It was a long hard road to the top, but no one relished their Test breakthrough more than Australian opener Chris Rogers. He was a Wisden Cricketer of the Year in 2014.
Chris Rogers had spent 19 balls and half an hour on 96, his innings in the doldrums and his nerves almost shredded, when he experienced the most magical and fulfilling moment of his life. Feeling like a “cat on a hot tin roof” as Graeme Swann maneuvered him this way and that on the second evening of the fourth Test at Chester-le-Street, Rogers had been fearing an imminent demise. The completion of his maiden Test hundred was proving as agonising as it had been long-awaited.
Twice he chipped Swann just short of mid-wicket. Then he cut at one that skidded a millimetre or so past off stump. Driven by desperation and the instinctive urge to act decisively before his luck frayed for good, Rogers swept firmly at his tormentor. He connected sweetly, and moments later was overwhelmed by emotion as he watched the ball hop over the square-leg rope.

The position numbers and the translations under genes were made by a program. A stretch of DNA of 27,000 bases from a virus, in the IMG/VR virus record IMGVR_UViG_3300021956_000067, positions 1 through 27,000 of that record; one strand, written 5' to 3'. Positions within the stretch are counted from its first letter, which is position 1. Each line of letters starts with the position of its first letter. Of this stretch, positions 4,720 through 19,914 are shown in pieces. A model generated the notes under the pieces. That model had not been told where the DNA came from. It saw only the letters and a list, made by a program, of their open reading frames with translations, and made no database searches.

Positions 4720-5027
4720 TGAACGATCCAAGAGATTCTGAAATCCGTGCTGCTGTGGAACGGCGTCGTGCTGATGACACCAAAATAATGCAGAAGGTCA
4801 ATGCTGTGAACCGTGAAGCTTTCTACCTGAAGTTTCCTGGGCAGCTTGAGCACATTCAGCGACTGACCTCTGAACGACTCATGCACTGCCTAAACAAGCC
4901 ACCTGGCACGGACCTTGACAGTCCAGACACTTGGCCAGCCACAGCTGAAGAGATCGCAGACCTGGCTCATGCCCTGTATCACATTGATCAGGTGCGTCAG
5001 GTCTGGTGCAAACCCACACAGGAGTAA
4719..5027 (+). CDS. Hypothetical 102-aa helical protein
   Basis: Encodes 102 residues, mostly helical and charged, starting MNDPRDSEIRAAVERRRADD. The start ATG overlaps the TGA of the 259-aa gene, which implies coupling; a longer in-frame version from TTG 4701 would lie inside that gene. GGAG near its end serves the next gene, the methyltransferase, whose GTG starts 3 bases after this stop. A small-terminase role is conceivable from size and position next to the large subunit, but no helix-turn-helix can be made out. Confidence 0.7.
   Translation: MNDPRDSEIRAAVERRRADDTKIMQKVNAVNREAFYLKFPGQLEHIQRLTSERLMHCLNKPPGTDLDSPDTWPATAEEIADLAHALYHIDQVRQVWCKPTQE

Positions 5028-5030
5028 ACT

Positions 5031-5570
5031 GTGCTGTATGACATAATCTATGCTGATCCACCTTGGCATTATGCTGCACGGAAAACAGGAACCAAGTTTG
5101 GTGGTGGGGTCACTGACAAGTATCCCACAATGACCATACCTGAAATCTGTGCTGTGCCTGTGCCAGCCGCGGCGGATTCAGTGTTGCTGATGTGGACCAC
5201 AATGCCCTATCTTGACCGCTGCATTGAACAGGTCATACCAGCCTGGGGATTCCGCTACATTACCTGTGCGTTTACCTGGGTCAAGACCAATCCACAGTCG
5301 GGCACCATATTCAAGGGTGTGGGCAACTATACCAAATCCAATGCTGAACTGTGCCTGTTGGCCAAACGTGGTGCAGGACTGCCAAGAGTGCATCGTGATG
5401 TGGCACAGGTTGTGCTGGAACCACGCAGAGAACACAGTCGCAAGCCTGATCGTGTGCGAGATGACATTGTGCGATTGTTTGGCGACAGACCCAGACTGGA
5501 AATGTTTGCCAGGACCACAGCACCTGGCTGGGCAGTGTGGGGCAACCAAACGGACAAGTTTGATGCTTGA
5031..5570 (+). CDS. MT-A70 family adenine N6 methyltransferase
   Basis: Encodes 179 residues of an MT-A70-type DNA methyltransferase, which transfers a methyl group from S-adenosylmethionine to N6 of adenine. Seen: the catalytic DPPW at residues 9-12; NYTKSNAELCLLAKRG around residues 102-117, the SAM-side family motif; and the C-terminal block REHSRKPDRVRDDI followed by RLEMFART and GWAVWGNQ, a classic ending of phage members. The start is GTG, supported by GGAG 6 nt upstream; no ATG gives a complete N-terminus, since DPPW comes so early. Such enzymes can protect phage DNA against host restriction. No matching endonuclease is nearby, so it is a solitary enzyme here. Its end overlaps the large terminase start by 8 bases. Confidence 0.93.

But the emotion was not of the showy kind. The celebration that followed was so subdued it could have been the product of a sepia age. Rogers was drained. And he could barely believe he was living a moment that had been so many years in the making. “There have been a few times when I have stopped to think about it,” he says. “It still puts a few shivers up the spine. It was not just the satisfaction of reaching the century, but everything that came with a lifetime of hoping and planning and preparing for it to happen.
“I spent the whole of my career looking upwards and wondering what it would be like to do well at Test level. Then, thinking for so many years that I would never know what it would be like made all that happened so much sweeter.”